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In Blackstock v.Board of Education of the City of New York, decided on May 12, 2011 by The Appellate Division, First Department, a special education speech therapist employed by the defendant Board of Education, claimed that she suffered personal injury as the result of an assault by a student. She alleged defendant failed to properly supervise its students. The Court granted defendant summary judgment holding plaintiff failed to show that defendant owed her a special duty of protection. The Court held as follows;

“Under these circumstances, in order to impose liability, plaintiff had to show that defendant owed her a special duty of protection (see Bonner v City of New York, 73 NY2d 930, 932 [1989]; see also Vitale v City of New York, 60 NY2d 861, 863 [1983]). Plaintiff’s failure to allege or provide the factual predicate for the special relationship theory in her notice of claim or complaint is fatal to maintenance of this action (see Rollins v New York City Bd. of Educ., 68 AD3d 540, 541 [2009]). Moreover, the record shows that plaintiff could not prove all of the necessary elements of that theory (see Cuffy v City of New York, 69 NY2d 255 [1987]). Accordingly, there are no material issues of fact, and summary judgment was properly granted.”

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In Churchill v Malek, 2011 NY Slip Op 03673, decided May 3, 2011, The New York Appellate Division, First Department held that a plaintiff in a personal injury action cannot be compelled to disclose confidential psychological or psychiatric records. The Court stated as follows;

“Given that, in this personal injury action, there is no claim to recover damages for emotional or psychological injury (see Valerio v Staten Is. Hosp., 220 AD2d 580 [1995]), or aggravation of a preexisting emotional or mental condition (see Sternberger v Offen, 138 AD2d 480 [1988]), plaintiff cannot be compelled to disclose confidential psychological or psychiatric records (cf. Carr v 583-587 Broadway Assoc., 238 AD2d 184, 185 [1997]). Defendant’s unsubstantiated claim that plaintiff’s mental illness might have caused the accident is insufficient to warrant mental health disclosure (see Zimmer v Cathedral School of St. Mary & St. Paul, 204 AD2d 538, 539 [1994]).”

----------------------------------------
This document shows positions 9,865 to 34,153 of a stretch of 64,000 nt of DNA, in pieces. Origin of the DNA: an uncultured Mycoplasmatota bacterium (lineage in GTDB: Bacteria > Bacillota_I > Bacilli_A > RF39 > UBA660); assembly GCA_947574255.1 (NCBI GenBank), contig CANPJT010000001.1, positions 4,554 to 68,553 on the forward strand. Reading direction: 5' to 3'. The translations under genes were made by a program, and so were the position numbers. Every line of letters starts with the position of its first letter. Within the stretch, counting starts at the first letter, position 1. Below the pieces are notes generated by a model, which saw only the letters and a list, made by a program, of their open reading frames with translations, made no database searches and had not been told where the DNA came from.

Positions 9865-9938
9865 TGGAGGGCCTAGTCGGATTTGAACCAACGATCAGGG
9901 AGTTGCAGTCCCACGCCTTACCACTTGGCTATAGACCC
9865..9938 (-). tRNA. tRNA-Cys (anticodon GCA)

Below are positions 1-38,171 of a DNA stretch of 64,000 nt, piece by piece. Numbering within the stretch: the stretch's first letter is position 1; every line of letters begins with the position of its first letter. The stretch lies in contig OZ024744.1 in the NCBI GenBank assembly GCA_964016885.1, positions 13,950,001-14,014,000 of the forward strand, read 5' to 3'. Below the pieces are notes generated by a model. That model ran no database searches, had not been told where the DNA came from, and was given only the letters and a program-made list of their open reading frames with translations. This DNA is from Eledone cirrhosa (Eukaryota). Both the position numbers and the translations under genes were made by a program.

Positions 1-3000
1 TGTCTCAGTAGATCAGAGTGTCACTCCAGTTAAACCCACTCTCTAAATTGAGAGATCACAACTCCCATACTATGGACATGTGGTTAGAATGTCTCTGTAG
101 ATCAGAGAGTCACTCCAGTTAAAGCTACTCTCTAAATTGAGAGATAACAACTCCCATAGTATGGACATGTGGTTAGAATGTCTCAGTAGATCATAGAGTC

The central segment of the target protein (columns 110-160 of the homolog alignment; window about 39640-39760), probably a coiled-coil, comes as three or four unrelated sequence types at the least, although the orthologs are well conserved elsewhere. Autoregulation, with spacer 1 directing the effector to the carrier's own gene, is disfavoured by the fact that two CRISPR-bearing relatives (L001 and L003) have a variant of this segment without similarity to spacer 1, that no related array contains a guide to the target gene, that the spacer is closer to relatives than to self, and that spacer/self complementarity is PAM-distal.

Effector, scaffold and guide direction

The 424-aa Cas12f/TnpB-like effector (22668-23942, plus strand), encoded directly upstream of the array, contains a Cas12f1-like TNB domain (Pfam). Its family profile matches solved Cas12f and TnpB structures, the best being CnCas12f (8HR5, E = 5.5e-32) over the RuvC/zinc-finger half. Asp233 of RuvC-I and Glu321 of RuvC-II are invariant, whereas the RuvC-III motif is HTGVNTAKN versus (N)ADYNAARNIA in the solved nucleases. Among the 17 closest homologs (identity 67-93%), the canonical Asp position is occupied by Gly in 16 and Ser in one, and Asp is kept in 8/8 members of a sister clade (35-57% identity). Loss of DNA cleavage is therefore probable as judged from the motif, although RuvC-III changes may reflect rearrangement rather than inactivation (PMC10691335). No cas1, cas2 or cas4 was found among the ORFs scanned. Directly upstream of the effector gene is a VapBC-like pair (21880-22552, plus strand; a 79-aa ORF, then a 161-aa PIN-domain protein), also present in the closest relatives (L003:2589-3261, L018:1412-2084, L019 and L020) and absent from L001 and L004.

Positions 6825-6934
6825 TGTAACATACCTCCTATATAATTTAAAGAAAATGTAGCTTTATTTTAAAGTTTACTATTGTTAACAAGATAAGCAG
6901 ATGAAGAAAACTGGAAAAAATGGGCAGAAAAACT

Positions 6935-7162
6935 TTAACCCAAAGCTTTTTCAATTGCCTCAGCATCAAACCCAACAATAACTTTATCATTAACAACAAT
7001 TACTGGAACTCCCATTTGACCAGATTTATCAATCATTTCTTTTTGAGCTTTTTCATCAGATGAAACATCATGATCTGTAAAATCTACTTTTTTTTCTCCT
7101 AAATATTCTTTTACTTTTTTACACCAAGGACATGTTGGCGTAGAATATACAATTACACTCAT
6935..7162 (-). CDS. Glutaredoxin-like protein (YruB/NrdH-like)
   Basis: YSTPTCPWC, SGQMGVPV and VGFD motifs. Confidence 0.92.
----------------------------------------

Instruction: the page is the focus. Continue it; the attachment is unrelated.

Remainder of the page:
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In Fox v H&M Hennes & Mauritz, L.P;et.al., 2011 NY Slip Op 03205, decided April 19, 2011, The Appellate Division, Second Department rejected defendant’s claim that plaintiff was enagaed in routine maintenance and thus Section 240(1) was not applicable.

The facts as set forth by The Court were as follows;

“The plaintiff was employed by the fourth-party defendant Garrity Electric, Inc. (hereinafter Garrity), as a mechanic performing general electrical contracting work. Pursuant to an agreement between the defendant third-party plaintiff, H & M Hennes & Mauritz, L.P. (hereinafter H & M), and the third-party defendant/fourth party plaintiff Maintenance, Etc., LLC (hereinafter Maintenance), which provides retail companies with vendors for construction services, Garrity was hired to replace bulbs and ballasts/transformers in 78 overhead light fixtures, located approximately 12 feet above the floor, in a retail store leased by H & M. Garrity had done business with H & M since 2000, performing electrical work for which it was paid the sum of $30,000 to $50,000 per year. Garrity furnished a team of “seven or eight” workers, including the plaintiff, which was led by a team foreman, to perform the subject work in the H & M store. The plaintiff allegedly was injured when he fell from a ladder while engaged in this work. The Supreme Court, inter alia, granted the plaintiff’s motion for summary judgment on the issue of liability on the Labor Law § 240(1) cause of action.”

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busOur partner Ben Rubinowitz successfully resolved a claim against the New York City Transit Authority for $4 million. At the time of the accident, a young woman was crossing a New York City street when she was struck by a bus driven by a N.Y.C.T.A. employee. The defense claimed the accident was her fault asserting that she had not crossed in the crosswalk and that she failed to pay attention to the traffic conditions. The injured victim asserted that the bus driver failed to keep a reasonable and proper lookout failing to pay proper attention and in failing to avoid the pedestrian. As a result of the impact the woman suffered a degloving injury to her knee and pelvic fractures.